L. Velho, J. Gomes and M. Sobreiro. Color Image Quantization by Pairwise


Clustering. In Proceedings of the Tenth Brazilian Symposium on Computer Graphics
and Image Processing, pp. 203-207, 1997.

234
G. Venter and J. Sobieszczanski-Sobieski. Particle Swarm Optimization. In the 43rd
AIAA/ASME/ASCE/AHA/ASC Structures, Structural Dynamics and Materials
Conference, Denver, Colorado, USA, 2002.

C. Wallace. An Improved Program for Classification. Technical Report no. 47.


Department of Computer Science, Monash University, Australia, 1984.

C. Wallace and D. Boulton. An Information Measure for Classification. The


Computer Journal, vol. 11, pp. 185-194, 1968.

C. Wallace and D. Dowe. Intrinsic Classification by MML – the snob program. In


Proceedings Seventh Australian Joint Conference on Artificial Intelligence, UNE,
Armidale, NSW, Australia, pp. 37-44, 1994.

S. Wan, P. Prusinkiewicz and S. Wong. Variance-based Color Image Quantization for


Frame Buffer Display. Color Research and Application, vol. 15, no. 1, pp. 52-58,
1990.

A. Watt. Three-Dimensional Computer Graphics. Addison-Wesley, 1989.

H. Weiss. Genetic Algorithms and Optimum Robot Design, Institute of Robotics and
Mechatronics, 2003, http://www.robotic.dlr.de/Holger.Weiss/garep/node3.html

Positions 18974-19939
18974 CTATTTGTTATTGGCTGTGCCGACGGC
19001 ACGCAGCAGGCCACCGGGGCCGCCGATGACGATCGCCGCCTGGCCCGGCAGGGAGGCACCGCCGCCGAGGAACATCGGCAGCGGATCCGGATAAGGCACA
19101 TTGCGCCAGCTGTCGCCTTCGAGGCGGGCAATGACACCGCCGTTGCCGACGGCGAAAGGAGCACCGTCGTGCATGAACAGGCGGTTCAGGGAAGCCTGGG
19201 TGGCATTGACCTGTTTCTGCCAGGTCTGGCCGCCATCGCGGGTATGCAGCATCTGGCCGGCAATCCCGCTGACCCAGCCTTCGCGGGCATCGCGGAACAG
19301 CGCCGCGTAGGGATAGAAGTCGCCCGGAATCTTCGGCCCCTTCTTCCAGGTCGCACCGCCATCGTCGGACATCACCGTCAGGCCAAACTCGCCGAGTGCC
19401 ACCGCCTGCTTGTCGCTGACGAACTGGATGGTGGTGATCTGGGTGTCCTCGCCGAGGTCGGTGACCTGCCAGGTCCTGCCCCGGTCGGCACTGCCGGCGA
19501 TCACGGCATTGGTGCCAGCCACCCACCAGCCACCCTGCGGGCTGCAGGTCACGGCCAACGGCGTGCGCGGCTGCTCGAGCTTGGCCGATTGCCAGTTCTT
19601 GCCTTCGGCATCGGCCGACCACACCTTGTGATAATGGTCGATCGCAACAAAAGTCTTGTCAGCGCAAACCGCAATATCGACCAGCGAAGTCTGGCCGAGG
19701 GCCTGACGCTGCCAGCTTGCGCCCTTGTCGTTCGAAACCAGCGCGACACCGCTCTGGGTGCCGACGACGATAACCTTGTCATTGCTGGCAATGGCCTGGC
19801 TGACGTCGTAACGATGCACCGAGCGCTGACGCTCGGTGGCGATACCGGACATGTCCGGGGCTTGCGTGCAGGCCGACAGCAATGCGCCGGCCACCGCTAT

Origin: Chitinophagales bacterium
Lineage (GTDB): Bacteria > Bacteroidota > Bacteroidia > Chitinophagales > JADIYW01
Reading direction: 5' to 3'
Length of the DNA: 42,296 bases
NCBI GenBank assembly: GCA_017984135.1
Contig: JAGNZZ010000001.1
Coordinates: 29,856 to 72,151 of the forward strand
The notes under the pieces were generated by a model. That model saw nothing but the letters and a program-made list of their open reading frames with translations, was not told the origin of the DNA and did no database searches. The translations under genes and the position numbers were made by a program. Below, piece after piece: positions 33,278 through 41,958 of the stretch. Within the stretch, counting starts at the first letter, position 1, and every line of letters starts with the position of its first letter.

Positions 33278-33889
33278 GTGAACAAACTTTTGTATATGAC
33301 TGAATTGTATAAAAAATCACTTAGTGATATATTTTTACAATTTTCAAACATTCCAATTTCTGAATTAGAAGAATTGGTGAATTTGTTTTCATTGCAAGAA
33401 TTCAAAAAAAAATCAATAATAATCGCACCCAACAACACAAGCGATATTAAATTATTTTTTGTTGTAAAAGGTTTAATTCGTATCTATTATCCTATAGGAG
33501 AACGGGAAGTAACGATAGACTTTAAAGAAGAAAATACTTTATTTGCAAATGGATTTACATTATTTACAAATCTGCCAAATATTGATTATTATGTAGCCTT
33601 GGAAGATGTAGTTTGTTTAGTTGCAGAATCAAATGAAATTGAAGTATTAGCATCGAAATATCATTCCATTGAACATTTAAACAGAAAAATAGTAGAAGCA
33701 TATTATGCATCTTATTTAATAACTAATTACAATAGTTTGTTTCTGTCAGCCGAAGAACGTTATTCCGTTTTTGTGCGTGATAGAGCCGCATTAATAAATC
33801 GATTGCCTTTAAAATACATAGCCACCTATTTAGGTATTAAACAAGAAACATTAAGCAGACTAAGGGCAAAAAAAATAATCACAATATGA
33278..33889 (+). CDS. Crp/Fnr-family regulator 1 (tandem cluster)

(visited 6 July 2004).

D. Whitley and S. Rana. Search, Binary Representations, and Counting Optima. In


Proceeding of a Workshop on Evolutionary Algorithms, Sponsored by the Institute for
Mathematics and its Applications, 1998.

J. Wu, H. Yan and A. Chalmers. Color Image Segmentation Using Fuzzy Clustering
and Supervised Learning. Journal of Electronic Imaging, vol. 3, no. 4, pp. 397-403,
1994.

235
X. Wu and K. Zhang. A Better Tree-Structured Vector Quantizer. In Proceedings
IEEE Data Compression Conference, pp. 392-401, 1991.

Z. Xiang. Color Image Quantization by Minimizing the Maximum Inter-cluster


Distance. ACM Transactions on Graphics, vol. 16, no. 3, pp. 260-276, 1997.

Z. Xiang and G. Joy. Color Image Quantization by Agglomerative Clustering. IEEE


Computer Graphics and Applications, vol. 14, no. 3, pp. 44-48, 1994.

X. Xie, W. Zhang and Z. Yang. A Dissipative Particle Swarm Optimization. In IEEE


Congress on Evolutionary Computation, Honolulu, Hawaii, USA, 2002.